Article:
The advantage of the Bayesian method is that it allows you to naturally incorporate prior information about the distribution of $$\theta$$. At a minimum this allows you to place bounds, e.g. if some parameters must be positive. It also allows you to incorporate prior beliefs. If you think $$\theta_1$$ should be a small parameter you can make $$P(\theta) \sim \exp(-\alpha \theta_1^2)$$

We can also use the principle of maximum entropy to obtain the prior probability distribution. This would be the prior that corresponds to the least assumptions on our part (the least informative prior). I suspect this would result in the flat distribution, but I’m not sure. Bishop §2.4.3 discusses non-informative priors. He says that a non-informative prior should reflect symmetries of the probability distribution. For example, the mean $$\mu$$ of a Gaussian distribution is translationally invariant, so the prior on $$\mu$$ should be as well, so the non-informative prior is the flat distribution. The lenth scale $$L$$ of a Gaussian distribution is scale invariant, so the non-informative prior should be $$\sim 1/L$$.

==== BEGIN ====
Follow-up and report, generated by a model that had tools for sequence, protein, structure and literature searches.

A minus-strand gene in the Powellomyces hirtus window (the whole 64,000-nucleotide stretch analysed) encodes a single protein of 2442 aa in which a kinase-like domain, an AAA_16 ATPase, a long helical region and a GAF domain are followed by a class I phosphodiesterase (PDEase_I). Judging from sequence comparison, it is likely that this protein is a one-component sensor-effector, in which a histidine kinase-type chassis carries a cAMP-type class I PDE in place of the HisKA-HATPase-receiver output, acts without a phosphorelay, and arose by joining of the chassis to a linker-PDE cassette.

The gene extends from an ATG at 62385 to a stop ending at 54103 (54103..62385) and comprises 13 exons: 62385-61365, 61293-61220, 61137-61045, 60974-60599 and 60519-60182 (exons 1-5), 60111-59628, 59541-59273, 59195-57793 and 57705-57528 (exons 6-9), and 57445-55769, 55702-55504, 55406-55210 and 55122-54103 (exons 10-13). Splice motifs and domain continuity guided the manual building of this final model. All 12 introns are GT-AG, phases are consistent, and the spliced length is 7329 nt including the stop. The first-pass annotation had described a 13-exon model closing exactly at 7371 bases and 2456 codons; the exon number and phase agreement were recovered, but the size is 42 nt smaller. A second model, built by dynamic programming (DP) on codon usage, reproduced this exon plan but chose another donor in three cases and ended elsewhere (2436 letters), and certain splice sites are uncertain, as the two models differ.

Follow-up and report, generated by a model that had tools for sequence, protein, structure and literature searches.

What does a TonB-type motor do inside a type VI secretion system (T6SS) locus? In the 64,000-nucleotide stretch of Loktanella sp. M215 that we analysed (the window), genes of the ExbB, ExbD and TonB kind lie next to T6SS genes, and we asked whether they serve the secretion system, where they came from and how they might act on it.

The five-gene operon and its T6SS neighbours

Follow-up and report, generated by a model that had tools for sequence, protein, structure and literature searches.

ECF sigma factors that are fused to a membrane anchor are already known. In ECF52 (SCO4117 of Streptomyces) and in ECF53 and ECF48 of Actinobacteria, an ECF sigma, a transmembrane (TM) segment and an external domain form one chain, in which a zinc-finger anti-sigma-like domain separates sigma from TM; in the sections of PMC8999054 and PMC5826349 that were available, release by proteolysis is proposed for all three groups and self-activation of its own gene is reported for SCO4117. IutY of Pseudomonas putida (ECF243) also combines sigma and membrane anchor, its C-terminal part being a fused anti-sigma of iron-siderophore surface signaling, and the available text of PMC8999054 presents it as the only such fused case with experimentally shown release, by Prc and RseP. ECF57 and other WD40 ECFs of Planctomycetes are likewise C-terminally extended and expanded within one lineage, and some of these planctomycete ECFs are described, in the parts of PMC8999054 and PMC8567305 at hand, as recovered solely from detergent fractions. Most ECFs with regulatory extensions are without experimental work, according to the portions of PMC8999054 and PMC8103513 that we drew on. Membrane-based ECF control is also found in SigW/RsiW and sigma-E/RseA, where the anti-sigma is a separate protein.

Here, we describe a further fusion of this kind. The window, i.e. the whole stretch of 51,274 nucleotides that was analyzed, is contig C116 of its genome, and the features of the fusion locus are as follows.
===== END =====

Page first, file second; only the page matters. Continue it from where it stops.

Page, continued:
We might be able to formulate the requirement that $$P(V) \to 0$$ for large $$V$$ in a more flexible way using priors rather than the blunt way of specifing the class functional form of $$P(V | \theta)$$.

Another advantage of the Bayesian method is that it gives you a full probability distribution over $$\theta$$. Which is a lot more information than a simple maximum likelihood estimate. (I’m not sure if the likelihood function can be thought of as a probability distribution. I suspect that the Bayesian probability simply reduces to the Likelihood if the prior $$P(\theta)$$ is flat. But I can’t say for sure.)

### bayesian model comparison

Bishop §3.4 talks about Bayesian model comparison. In our situation, different models would correspond to different functional forms for $$P(V|\theta_i)$$ with $$\theta_i$$ being parameters of model $$i$$ ($$M_i$$). If we define the data $$D = \{ V_1, ..., V_N \}$$ then $p(M_i | D) \propto p(M_i) p(D|M_i)$ where $$p(M_i)$$ is the prior over $$p(M_i)$$ which we will assume is flat. $$p(D|M_i)$$ is known as the model evidence. It is also sometime called the marginal likelihood because it can be viewed as the likelihiood function over the space of models, in which the parameters of the models have been marginalized out (integrated out). The ratio of model evidences for two models is known as the Bayes factor.

Choosing the model with the highest evidence is called model selection. Even better is to combine multiple models (mixture distribution) $p(V| D) = \sum_i p(V|D, M_i) p(M_i | D)$